For years retailers stockpiled consumer data without necessarily knowing what to do with it.
But thanks to technology, that has changed. Retail systems are able to leverage consumer data in many helpful ways, such as predicting demand, tailoring assortments and pricing to groups of stores and even specific stores, and delivering promotions to groups of consumers and even specific consumers.
The adoption of technologies that are driven by consumer data is the theme of the 18th annual State of the Industry Report on Supermarket Technology, which starts on Page 10.
But the use of consumer data to drive business decisions begs the question, how do consumers feel about it? That is, do consumers want data on their shopping tendencies collected and used by retailers to make pricing, promotion or other business decisions?
An interesting example of this was described recently in The New York Times Magazine in an article on Minneapolis-based Target’s marketing efforts. Target, the article said, was intent on figuring out which of its female shoppers were pregnant because these shoppers — the retailer’s holy grail — are not only going to be in the market for a bevy of baby items but are susceptible to having their shopping loyalties altered.
But Target realized that some pregnant women did not appreciate having their status as expectant mothers made part of the retailer’s marketing plan. So instead of inundating these women with baby offers, Target judiciously mingled them with other unrelated offers to make their intentions less obvious, the article said.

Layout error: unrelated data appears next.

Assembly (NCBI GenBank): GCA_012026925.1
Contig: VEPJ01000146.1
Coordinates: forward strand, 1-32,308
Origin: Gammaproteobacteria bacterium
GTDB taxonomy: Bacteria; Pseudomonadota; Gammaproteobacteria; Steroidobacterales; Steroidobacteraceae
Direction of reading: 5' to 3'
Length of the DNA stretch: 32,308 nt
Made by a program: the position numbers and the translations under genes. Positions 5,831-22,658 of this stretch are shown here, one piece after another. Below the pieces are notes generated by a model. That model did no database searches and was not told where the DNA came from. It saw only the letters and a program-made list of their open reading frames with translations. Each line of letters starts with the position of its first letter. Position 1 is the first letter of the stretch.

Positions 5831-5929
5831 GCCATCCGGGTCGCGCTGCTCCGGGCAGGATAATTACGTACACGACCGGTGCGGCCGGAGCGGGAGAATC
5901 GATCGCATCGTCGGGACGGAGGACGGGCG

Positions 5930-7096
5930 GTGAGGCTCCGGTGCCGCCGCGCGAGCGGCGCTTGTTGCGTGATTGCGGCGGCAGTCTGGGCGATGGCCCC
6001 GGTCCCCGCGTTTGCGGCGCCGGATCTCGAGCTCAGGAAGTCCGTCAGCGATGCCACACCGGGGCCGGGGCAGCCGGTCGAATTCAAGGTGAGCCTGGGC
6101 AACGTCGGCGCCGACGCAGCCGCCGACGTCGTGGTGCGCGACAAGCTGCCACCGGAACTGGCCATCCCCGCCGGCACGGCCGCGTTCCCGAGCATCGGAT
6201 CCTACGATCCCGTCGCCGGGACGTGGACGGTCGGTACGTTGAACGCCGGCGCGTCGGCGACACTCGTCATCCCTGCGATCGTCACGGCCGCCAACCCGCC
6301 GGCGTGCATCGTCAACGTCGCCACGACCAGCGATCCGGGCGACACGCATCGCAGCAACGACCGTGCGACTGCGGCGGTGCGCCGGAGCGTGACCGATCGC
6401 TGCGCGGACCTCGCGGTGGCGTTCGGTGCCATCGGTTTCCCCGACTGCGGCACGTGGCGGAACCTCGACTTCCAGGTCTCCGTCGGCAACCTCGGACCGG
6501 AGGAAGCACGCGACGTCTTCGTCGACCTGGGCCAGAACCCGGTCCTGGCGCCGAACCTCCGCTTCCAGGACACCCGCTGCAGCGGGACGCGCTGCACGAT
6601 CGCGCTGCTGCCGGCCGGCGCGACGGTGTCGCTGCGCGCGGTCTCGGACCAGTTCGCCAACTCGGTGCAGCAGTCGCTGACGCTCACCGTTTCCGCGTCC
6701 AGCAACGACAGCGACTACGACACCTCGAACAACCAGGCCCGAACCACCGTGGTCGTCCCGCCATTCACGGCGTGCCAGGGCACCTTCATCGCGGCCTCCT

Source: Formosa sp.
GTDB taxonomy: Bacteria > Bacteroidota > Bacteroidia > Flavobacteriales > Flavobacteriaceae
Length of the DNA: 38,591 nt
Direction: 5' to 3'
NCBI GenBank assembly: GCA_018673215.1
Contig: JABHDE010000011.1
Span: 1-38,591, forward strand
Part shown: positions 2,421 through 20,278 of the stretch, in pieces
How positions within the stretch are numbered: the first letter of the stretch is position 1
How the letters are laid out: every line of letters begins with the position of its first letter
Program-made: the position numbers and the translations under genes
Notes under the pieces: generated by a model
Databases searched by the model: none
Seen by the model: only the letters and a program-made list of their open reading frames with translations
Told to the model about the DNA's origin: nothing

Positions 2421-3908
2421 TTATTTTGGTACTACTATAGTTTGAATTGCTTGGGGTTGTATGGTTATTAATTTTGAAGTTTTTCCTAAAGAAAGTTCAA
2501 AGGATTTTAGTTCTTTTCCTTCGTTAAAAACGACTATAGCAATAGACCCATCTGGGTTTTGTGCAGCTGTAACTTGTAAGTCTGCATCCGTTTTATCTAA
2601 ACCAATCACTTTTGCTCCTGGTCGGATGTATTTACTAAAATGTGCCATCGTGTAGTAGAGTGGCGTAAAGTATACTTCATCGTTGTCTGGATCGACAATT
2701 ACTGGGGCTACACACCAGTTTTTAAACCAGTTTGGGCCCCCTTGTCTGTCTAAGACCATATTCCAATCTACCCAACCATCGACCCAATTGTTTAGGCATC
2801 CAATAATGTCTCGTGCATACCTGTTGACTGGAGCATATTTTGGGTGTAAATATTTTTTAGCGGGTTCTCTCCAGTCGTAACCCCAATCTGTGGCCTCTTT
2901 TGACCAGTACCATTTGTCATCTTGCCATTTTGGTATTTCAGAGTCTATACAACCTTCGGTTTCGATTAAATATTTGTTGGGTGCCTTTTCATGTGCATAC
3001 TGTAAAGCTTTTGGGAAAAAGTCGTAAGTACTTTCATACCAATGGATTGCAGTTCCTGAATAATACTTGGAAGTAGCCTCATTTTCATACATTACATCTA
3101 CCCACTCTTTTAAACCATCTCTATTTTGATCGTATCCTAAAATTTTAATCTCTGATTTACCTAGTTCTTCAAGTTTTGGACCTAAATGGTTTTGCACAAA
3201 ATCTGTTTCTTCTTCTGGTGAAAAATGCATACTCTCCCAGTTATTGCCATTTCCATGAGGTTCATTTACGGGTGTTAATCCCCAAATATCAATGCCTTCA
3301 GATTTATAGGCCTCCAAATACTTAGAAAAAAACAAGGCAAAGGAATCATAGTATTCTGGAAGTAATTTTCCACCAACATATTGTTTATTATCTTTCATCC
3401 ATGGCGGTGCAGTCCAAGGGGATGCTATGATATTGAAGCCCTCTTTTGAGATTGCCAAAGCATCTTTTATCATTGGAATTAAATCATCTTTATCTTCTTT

In the future, consumer habits will continue to be important to retailers, but they won’t have to worry as much as about intruding on consumers’ privacy. That’s because consumers who choose to will directly communicate their wishes through smartphones and social media, providing a whole new treasure trove of data.
Over the next few years, consumers will “pick mobile apps that match their personal preferences to the products they want,” such as items with reduced cholesterol or from the Atkins diet, said Bob Fassett, vice president, North America consumer products, retail and distribution leader, for Capgemini, New York. Retailers who are given access to this information will be able to react to it appropriately.
So consumer data will continue to drive retailers’ decisions, but the best data will come willingly from consumers.